Har Gobind Khorana - Google honors the biochemist with a doodle

Har Gobind Khorana - Google honors the biochemist with a doodle

Google, on 9 January 2018, published a Google doodle on its homepage to celebrate the 96th birthday of celebrated biochemist Har Gobind Khorana.

Khorana, who won Nobel prize for his work in genetics in 1968, is hailed for constructing the first synthetic gene.

Early life and education

Har Gobind Khorana was born to Ganpat Rai Khorana and Krishna Devi Khorana in Raipur, British India. The city is now a part of Pakistan. Har Gobind was the youngest of the five siblings. His father taught his five children to read and write.

After receiving a Bachelor's and Master's degree in Science at the Punjab University, Lahore, in 1945, the government of India awarded him a fellowship to study abroad. Khorana chose the University of Liverpool, UK, where he earned a Ph. D. in 1948.

He then did post-doctorate work, first at the Eidgenössische Technische Hochschule in Zurich, with Professor Vladimir Prelog, and then back in London at Cambridge University with George Wallace Kenner and Lord Alexander R. Todd. While working with Vladimir Prelog in Zurich, Khorana renewed his attitude and philosophy about science and life. In the following years, at Cambridge, he developed an interest in proteins and nucleic acids.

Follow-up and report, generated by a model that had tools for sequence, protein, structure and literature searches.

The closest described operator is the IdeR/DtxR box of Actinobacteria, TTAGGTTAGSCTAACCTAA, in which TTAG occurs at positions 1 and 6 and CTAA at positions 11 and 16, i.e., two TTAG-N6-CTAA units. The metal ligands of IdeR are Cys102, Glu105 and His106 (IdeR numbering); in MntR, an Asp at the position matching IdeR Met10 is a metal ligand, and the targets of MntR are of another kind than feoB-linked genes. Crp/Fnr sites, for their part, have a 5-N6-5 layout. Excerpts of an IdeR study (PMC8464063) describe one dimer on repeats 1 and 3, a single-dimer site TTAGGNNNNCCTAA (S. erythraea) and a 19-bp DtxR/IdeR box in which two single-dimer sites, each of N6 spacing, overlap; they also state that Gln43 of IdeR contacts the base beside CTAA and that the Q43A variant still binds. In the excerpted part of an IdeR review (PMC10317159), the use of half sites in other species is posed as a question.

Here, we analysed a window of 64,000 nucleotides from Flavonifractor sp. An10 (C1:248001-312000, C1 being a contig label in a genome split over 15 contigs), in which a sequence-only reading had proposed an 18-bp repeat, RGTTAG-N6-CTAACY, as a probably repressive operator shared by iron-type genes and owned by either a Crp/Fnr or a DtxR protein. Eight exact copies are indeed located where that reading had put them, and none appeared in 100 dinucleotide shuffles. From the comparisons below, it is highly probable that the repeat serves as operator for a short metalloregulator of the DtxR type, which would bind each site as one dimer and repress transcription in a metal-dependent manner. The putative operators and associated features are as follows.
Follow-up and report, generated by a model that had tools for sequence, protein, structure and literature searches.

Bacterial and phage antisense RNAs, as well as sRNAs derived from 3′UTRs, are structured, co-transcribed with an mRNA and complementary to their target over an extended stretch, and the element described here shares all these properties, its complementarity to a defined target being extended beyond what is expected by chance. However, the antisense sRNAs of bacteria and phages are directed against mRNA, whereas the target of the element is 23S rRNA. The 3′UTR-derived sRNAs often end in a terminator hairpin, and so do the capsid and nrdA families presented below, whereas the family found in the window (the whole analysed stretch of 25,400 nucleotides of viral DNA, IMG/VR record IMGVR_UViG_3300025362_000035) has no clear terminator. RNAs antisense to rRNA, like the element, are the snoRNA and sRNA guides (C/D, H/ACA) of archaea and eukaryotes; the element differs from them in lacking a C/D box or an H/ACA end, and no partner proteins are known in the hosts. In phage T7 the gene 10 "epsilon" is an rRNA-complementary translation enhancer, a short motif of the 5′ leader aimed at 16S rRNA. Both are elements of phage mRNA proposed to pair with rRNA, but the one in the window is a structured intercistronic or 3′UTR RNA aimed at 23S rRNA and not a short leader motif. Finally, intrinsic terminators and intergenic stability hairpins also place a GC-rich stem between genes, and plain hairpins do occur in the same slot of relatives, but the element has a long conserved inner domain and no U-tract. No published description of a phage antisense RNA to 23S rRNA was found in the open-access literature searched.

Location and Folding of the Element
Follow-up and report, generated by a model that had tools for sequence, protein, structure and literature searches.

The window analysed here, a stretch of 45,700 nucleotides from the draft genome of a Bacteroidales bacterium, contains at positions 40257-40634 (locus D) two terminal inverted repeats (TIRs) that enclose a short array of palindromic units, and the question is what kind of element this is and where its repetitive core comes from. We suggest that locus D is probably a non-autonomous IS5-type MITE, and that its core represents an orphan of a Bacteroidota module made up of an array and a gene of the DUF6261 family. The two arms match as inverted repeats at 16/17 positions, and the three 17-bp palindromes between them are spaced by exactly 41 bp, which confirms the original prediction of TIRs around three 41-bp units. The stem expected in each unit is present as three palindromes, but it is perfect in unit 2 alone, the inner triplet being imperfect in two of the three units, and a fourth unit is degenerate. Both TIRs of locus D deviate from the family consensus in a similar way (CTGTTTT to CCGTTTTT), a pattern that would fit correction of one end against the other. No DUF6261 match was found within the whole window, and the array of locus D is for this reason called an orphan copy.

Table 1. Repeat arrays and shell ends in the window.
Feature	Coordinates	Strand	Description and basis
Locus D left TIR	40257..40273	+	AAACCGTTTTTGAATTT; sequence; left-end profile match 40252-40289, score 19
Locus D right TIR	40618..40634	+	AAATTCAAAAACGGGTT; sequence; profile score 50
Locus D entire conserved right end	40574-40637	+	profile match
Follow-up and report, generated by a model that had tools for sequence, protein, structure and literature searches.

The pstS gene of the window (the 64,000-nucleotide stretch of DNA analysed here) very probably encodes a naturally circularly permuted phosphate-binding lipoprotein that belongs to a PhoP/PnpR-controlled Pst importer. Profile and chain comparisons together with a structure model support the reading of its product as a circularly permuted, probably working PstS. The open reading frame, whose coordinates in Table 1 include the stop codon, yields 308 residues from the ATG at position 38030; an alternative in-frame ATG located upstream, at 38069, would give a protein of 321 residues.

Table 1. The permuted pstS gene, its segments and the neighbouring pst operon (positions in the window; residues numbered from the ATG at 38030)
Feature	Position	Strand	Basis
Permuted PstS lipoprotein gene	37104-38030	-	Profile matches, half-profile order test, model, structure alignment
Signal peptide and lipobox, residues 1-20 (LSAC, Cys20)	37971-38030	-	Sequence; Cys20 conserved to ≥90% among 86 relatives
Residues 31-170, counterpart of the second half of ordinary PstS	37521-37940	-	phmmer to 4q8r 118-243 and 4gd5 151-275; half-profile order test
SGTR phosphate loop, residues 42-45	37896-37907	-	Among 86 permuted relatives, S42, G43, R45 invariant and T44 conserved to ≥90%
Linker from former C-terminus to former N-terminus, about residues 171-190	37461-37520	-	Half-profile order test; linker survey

In 1952, Khorana accepted a job offer at the University of British Columbia, Canada from Dr. Gordon M. Shrum. At the university, he was able to start his own research group. The job allowed him to work independently on various research projects involving phosphate esters and nucleic acids. It was at the University of British Columbia where he kicked off his work on the chemical synthesis of ribotrinucleotides for protein synthesis.

His next job, in 1960, took him to Wisconsin, United States, where he worked at the Institute for Enzyme Research at the University of Wisconsin. He became a US citizen in 1966. While in Wisconsin, Khorana continued his work on nucleotide synthesis and cracking the genetic code. In 1968, Khorana, and Robert W. Holley and Marshall Warren Nirenberg, his colleagues at the University of Wisconsin, shared the Nobel Prize in Physiology or Medicine for their interpretation of the genetic code and its function in protein synthesis. When the prize was announced, he was writing papers at a rented cottage with no telephone or radio, outside Madison. Eventually, he received the news from his wife, Esther, who drove to the cottage to share the news.

In 1970, Khorana became the Alfred P. Sloan Professor of Biology and Chemistry at the Massachusetts Institute of Technology, from where he retired in 2007.

Personal life

Khorana married Esther Elizabeth Sibler in 1952, whom he had met while working in Switzerland. They had two daughters: Julia Elizabeth (born 4 May 1953) and Emily Anne (born 18 October 1954), and a son, Dave Roy (born 26 July 1958). Khorana died of natural causes on 9 November 2011, at the age of 89.

Awards and accolades

  • Nobel Prize in Physiology or Medicine
  • Albert Lasker Award for Basic Medical Research
  • Willard Gibbs Award
  • Louisa Gross Horwitz Prize
  • Gairdner Foundation International Award
  • American Chemical Society Award for Creative Work in Synthetic Organic Chemistry National Medal of Science, Dannie-Heineman-Preis
  • Padma Vibhushan in science & engineering, Padma Vibhushan


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